Mwiya Mutandi, FHI 360
Chileshe Bwalya, FHI 360
Mercy Luwi Katoka, FHI 360

Zambia stands at the forefront of a groundbreaking journey in HIV prevention. With its recent accomplishment of being the first country outside the U.S. to administer injectable cabotegravir (CAB PrEP), a long-acting form of pre-exposure prophylaxis (PrEP), Zambia reaffirms its commitment to advancing access to HIV prevention technologies. However, the successful rollout of such innovations goes beyond product availability. It also involves dismantling the structural barriers that hinder access and uptake—chief among them is stigma. Stigma can be a powerful force that affects various aspects of our lives, including our choices around sexual health. At the heart of Zambia’s PrEP rollout efforts are the enthusiastic voices of the MOSAIC Zambia youth network, a vibrant community dedicated to amplifying HIV prevention messages and challenging societal norms that contribute to stigma.  Their involvement underscores the importance of community-led initiatives in transforming public perception and empowering individuals through knowledge and support.


Stigma arises from societal attitudes and misconceptions about HIV, sex, and drug use. PrEP, which involves taking medication to prevent HIV, can sometimes be stigmatized due to misconceptions that it is only for specific “high-risk” groups or that its use implies promiscuity, especially for adolescent girls and young women.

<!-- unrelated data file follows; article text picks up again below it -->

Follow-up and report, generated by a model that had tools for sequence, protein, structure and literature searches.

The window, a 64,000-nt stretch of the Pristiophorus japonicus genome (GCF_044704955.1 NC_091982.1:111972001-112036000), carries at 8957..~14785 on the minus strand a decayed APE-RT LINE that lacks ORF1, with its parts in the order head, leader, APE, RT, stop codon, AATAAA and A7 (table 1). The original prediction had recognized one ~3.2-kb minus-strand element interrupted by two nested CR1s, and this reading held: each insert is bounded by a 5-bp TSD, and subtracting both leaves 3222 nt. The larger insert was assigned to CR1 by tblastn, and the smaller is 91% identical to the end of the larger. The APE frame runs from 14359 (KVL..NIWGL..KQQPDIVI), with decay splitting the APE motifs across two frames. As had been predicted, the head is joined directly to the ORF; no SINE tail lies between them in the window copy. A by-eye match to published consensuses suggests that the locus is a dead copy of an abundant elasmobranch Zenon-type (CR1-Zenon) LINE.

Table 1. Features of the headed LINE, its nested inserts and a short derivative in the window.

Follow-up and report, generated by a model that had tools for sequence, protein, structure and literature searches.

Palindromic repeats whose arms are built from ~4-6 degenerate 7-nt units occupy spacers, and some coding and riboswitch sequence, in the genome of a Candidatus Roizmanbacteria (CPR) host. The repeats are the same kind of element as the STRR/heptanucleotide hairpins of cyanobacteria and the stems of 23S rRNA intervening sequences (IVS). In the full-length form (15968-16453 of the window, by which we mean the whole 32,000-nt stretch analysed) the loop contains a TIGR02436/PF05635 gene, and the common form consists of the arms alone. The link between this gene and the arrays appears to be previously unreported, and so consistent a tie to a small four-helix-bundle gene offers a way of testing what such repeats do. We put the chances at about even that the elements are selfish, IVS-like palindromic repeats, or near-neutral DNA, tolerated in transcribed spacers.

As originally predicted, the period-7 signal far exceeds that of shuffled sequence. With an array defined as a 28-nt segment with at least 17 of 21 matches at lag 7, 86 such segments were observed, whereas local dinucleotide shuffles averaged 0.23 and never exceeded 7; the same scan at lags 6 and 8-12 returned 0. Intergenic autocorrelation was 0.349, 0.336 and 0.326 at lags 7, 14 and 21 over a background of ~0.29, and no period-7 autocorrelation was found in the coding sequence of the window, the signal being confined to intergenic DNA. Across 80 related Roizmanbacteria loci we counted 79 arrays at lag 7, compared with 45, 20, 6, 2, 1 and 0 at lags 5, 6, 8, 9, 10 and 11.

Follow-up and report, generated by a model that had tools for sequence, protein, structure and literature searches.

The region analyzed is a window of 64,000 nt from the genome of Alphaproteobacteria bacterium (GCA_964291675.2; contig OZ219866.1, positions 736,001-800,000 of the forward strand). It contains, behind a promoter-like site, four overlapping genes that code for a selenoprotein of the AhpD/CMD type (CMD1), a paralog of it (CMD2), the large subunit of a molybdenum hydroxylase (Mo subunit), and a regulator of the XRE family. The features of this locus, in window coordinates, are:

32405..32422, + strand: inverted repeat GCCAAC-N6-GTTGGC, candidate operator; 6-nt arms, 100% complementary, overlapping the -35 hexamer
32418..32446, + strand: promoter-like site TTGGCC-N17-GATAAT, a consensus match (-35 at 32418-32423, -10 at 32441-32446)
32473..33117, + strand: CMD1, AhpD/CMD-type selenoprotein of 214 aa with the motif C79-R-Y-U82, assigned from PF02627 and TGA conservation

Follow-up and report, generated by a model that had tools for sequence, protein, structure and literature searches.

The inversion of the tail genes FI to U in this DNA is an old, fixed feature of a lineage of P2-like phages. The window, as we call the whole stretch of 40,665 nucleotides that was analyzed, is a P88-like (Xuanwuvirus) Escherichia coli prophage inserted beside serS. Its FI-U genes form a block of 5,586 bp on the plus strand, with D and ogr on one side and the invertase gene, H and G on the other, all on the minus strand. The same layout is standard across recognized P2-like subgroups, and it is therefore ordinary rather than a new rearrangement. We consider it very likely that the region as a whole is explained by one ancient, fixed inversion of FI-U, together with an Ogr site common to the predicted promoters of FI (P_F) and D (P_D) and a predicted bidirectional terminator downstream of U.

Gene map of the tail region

Societal stigma associated with PrEP is real and pervasive. Its impact is so great that individuals may avoid health care because they expect stigma (anticipated stigma), suspect stigma even when it may not exist (perceived stigma), or hold their own stigmatizing opinions about PrEP use (internalized stigma).

Stigma surrounding PrEP creates immense hurdles for marginalized communities seeking HIV prevention. As a disability youth advocate, I’ve witnessed how this stigma deters individuals, especially young women with disabilities, from accessing vital health care. Discriminatory behavior by health care providers perpetuates self-doubt and keeps people away from facilities, depriving them of accurate information and necessary care. To improve PrEP utilization, we must challenge these misconceptions and implement robust education programs. Reducing stigma is pivotal in ensuring equitable access to PrEP, empowering individuals to prioritize their sexual health without fear or shame.

Luke Chingumbe, disability advocate, MOSAIC Zambia Youth Network member 



PrEP is a game-changing approach to HIV prevention with the potential to empower individuals to take control of their sexual health and protect themselves from HIV acquisition. By reframing PrEP in this way, we can shift the narrative around HIV prevention from a focus on risk and vulnerability to one of agency and empowerment and begin dismantling PrEP-related stigma in the process.

MOSAIC’s PrEP Category Positioning Strategy for Adolescent Girls and Young Women highlights the process of and learnings about reframing PrEP. Reframing PrEP as empowerment recognizes the inherent agency individuals have in taking control of their sexual health. It also highlights the importance of addressing stigma and other societal barriers to ensure equitable access and utilization of PrEP for all individuals who could benefit from it. Reframing PrEP as empowerment means: